You are browsing the archive for 2011 May.

by Royston

Beetles does cricket

May 31, 2011 in Events

‘‘… and once again we have interruption of play caused by movement behind the bowler’s arm.’’

Wit and Wisden: A Celebration of Cricket opens at the Chris Beetles Gallery in London tomorrow (June 1).

It features more than 200 paintings and cartoons from the past 200 years celebrating the clunk of leather on willow. Visitors can expect work by Glen Baxter, Tony Husband, John Jensen, Larry, Ed McLachlan, above, Matt, Nick Newman and many others.

Andrew ‘‘Freddie’’ Flintoff will officially open the show, which begins just days before the Sri Lankan Test Match at Lords. It runs until June 18 and will be unaffected by rain.

More details at the Chris Beetles Gallery website.

by Royston

Round-up: What the Bloghorn saw

May 27, 2011 in News

Rob Murray writes:

US cartoonist Ted Rall, who put himself up for sale on eBay earlier this month, has written about  how his left-wing views have seen him dropped by even left-leaning publications. In an opinion piece titled Rise of the Obamabots, he recounts some of the rejections he’s received from left-of-centre magazines and argues that the US press is so enamoured with Barack Obama that “there’s less room for a leftie during the Age of Obama than there was under Bush”.

Bloghorn also spotted an opportunity for cartoon fans to become part of Scott AdamsDilbert strip. Readers can upload photos of themselves and personalise one of 25 strips online, replacing one of the regular characters and becoming part of the action.

Closer to home, a selection of work by the profilic cartoonist and illustrator Ern Shaw (1891-1986) will be auctioned off next month. Hull-born Shaw had a career spanning more than 60 years, in which he is thought to have had around 25,000 cartoons published in newspapers and magazines, as well as illustrating children’s books and card games. More information on the sale can be found at the website of the auctioneers Dee Atkinson & Harrison.

Bloghorn says, if there is anything big we have missed please do tell us in the comments below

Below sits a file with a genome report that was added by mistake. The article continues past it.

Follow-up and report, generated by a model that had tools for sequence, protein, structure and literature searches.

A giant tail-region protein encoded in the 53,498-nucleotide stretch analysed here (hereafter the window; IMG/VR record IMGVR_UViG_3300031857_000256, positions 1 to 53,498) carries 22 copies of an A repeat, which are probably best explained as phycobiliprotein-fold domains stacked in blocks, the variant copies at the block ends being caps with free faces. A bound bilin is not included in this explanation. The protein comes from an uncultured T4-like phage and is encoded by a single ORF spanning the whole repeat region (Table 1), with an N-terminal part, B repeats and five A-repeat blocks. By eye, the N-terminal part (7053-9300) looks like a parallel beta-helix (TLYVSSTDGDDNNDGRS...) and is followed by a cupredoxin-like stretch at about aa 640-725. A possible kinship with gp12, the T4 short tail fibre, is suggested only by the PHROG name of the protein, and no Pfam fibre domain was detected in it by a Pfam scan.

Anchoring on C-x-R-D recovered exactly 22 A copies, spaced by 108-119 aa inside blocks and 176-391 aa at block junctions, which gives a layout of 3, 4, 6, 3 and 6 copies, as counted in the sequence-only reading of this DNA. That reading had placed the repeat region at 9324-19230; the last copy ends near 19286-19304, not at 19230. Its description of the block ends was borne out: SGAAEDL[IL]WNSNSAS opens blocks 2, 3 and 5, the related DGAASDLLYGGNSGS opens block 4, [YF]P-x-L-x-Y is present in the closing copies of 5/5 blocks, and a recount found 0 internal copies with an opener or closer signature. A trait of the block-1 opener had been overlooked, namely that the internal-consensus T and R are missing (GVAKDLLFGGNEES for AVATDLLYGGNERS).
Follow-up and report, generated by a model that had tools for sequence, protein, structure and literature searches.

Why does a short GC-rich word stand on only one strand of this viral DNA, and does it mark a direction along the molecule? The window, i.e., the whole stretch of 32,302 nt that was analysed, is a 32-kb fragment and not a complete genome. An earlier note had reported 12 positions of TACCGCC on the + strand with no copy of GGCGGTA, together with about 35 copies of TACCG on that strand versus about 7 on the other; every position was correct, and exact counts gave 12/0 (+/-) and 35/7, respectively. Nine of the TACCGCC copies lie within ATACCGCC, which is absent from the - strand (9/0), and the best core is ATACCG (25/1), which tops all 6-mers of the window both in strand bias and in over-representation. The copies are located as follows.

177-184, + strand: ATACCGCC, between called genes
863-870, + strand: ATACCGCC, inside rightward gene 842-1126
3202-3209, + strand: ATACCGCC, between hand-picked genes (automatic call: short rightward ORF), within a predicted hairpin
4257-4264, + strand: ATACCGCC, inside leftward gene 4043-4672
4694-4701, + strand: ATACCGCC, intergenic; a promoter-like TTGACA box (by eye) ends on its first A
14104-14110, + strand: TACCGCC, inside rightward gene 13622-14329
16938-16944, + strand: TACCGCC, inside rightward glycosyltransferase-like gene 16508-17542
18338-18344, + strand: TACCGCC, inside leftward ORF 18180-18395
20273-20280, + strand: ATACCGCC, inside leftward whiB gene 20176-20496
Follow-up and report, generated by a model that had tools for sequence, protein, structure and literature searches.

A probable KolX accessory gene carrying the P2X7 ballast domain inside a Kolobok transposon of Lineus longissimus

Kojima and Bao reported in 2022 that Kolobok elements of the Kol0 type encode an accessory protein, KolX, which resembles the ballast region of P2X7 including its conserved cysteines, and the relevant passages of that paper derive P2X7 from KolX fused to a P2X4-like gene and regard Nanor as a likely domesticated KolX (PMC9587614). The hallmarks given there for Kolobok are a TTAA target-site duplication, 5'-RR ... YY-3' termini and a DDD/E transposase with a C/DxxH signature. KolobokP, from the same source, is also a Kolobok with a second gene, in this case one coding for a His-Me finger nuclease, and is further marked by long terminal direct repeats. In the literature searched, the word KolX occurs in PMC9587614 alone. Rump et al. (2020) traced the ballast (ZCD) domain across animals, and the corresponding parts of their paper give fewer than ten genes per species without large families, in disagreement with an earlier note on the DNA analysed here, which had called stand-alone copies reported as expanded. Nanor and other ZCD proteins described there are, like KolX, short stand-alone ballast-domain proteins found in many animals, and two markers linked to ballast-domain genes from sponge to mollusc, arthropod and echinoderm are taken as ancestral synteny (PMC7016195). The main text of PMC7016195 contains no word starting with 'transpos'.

by Royston

Laughter rings out at Bell exhibition

May 26, 2011 in Events

Bell Epoque promoOxygen was in short supply at the Cartoon Museum last night, such were the numbers that turned up for the opening of the latest exhibition, Bell Époque, but it didn’t stop people laughing.

It’s hardly surprising that you would hear snorts of laughter, as this is a show celebrating more than 30 years of the cartoons of Steve Bell.

The Big Man stepped up on to the seating area plinth-type thing – specially reinforced, the chairman of the Cartoon Museum, Oliver Preston, joked – to make a speech.

He graciously attributed his success to a range of cartoonists – from Ronald Searle to Leo Baxendale, Wally “Trog” Fawkes to Kipper Williams – not forgetting to mention his wife, and the ideas he gets when the couple shout angrily at the radio together, berating those political upstarts who dare to lead us.

Steve Bell makes a speech
Gracious: Steve Bell makes his speech Photo by Simon Ellinas

Bell is one of the leading political cartoonists of our age, but it was interesting to see through this exhibition that it took him a while to arrive at his famous depictions of leading villains such as Major and Blair. One pre-Guardian image of Thatcher, from Time Out, is almost complimentary.

Also on show are notebooks, early strips from kids’ comics, a new cartoon featuring Monsieur L’Artiste as a brothel voyeur watching Thatcher et al prostitute themselves, and a plank carved into the image of John Major. Major Plank, of course.

What else can we say about this exhibition, other than, Go see! It’s the blockbuster cartoon exhibition of the year and runs until July 24. More details at the Cartoon Museum website.

In the meantime here is an article about the show by Steve Bell, with accompanying video piece:

”You must discover the character behind the face”

Plus a Bell Époque picture gallery

by Royston

Political cartoonist has it covered

May 24, 2011 in News

IMF cartoon by Gary Barker